The digital clocks found in dedicated hi-fi DACs tend to be more accurate than those used in the average PC, so usually the conversion process will be performed more faithfully.
Source material is everything
Of course, to get the most from a DAC you need to start out with good source material – don’t expect miracles if all you’re throwing at a converter is 128kbps MP3s. In fact, better decoding of such a compressed signal can make any sonic shortcomings more obvious.
You’ll hear optimum results with CD-quality content and above, which is best stored in FLAC, WAV or ALAC (Mac) lossless PCM formats, or alternatively DSD if you prefer...
- MP3, AAC, WAV, FLAC: all the audio file formats explained
What is DSD and PCM?
DSD, or Direct Stream Digital, is an alternative to PCM and was originally conceived for Super Audio CD (SACDs) – a format championed by Sony and Philips in the late ‘90s and into the ’00s.
It’s a much more niche format, differing from PCM by offering a bit depth of just one, but much higher sampling rates – commonly DSD64 at 2.8 MHz and DSD128 at 5.6 MHz.
The arguments as to which encoding system is better continue to rumble on. Suffice to say if you’re someone firmly settled in the DSD camp, it’s worth checking the DAC you’re considering supports it – most, but not all, do.
- You can learn all about DSD audio here
What type of DAC is right for you?
DACs come in all shapes and sizes and offer varying levels of input options and functionality, so you’ll need to think about how you want to use it, not to mention the budget you have set aside.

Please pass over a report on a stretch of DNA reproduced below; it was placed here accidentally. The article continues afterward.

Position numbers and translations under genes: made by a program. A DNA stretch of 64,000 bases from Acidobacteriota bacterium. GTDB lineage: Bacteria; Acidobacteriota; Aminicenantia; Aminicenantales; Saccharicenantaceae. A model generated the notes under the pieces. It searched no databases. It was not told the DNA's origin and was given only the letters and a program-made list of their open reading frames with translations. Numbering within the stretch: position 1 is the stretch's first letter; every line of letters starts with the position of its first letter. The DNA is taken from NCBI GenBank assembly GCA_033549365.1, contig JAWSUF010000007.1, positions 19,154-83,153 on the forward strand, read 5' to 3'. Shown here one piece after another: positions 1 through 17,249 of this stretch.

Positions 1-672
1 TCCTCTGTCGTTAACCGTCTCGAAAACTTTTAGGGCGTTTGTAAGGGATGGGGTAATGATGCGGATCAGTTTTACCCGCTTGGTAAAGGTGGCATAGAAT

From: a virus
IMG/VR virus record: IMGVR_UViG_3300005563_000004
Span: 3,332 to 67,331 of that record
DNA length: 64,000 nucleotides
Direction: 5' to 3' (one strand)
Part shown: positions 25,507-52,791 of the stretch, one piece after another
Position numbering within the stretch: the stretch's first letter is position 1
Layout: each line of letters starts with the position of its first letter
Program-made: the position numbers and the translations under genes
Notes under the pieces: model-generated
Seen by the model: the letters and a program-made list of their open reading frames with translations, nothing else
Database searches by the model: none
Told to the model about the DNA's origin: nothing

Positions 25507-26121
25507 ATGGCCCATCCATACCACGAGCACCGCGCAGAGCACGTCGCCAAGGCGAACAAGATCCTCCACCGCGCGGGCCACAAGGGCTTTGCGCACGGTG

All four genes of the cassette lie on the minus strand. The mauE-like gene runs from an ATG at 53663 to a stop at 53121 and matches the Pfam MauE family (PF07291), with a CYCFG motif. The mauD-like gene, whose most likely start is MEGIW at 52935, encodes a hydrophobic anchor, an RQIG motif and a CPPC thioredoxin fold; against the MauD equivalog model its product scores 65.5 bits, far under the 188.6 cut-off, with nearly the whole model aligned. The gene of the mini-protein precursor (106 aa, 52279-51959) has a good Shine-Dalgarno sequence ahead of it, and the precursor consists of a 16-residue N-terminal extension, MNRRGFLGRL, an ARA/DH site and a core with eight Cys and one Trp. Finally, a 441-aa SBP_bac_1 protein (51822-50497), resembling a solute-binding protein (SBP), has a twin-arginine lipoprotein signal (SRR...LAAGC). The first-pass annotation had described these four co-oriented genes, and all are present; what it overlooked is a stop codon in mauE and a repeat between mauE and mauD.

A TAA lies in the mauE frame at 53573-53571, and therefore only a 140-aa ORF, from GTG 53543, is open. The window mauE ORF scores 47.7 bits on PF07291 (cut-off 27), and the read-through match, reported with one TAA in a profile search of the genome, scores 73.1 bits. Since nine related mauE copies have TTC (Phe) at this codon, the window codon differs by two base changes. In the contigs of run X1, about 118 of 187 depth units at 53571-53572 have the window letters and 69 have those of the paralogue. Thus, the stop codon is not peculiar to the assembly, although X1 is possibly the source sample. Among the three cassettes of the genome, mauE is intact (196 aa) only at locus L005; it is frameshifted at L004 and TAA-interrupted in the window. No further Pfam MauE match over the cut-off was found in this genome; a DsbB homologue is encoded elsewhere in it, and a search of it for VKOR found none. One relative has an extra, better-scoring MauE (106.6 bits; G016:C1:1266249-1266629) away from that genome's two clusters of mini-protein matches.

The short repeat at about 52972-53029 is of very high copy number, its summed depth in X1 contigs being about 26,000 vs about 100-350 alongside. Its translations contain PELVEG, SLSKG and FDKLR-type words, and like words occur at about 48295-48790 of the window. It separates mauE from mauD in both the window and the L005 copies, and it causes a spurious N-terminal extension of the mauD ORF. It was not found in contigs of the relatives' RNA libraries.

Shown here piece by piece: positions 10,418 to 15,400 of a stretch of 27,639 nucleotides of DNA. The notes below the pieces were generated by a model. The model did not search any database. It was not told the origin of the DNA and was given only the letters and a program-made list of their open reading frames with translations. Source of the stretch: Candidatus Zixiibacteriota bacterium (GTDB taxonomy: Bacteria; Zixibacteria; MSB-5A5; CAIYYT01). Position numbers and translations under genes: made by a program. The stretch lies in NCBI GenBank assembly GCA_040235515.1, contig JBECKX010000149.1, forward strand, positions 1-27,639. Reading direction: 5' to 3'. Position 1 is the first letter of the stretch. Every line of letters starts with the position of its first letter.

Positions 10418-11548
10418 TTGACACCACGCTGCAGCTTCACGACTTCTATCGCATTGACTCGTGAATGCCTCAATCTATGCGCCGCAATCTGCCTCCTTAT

Compact USB DACs offer portability and convenience at a reasonable price. They vary from USB sticks, such as the Audioquest DragonFly Red and Cobalt, that plug straight into a laptop (or to a phone via a converter dongle), to wireless DACs like the iFi GO Blu that can connect to a source (though not your headphones) via Bluetooth.
Some draw the power from your computer or phone, so there’s no need for an extra power source, and they largely keep connections simple, with just a headphone socket and possibly a line-level output for hooking up to powered speakers or a hi-fi system.
If you need more connectivity and are not concerned about taking your DAC around with you, a desktop unit like the Chord Mojo 2 or Cambridge Audio DacMagic 200M might be more suitable. These are usually bigger and require their own power source, but often offer several additional digital or analogue audio inputs alongside a USB input for connecting to your computer. Some, like the iFi Zen DAC V2, can be either USB or mains powered.
Keep an eye out for a DAC with a headphone amp if you want to use headphones, as most but not all DACs offer this as an option – the Award-winning Chord Qutest, for instance, is a standalone DAC without any headphone features, designed to slip into a system between a digital source and amplifier to enhance performance.
Finally, there are the DACs that are born to work as part of a bigger home audio system. These will usually have even more inputs – particularly more niche sockets such as AES/EBU – and potentially more features too, including perhaps a volume control so they can also be used as a pre-amp. They'll support the full range of high-resolution music formats or have Bluetooth connectivity for streaming wirelessly from your smartphone or tablet, though both of these offerings are increasingly offered by portable and desktop units these days too. These home DACs tend to be at the higher end of the market so should deliver higher performance, too.
These can range from the sensible (the Audiolab M-DAC+, say) to the extravagant (the Chord DAVE) or, if money really is no object, the Nagra HD DAC/MPS.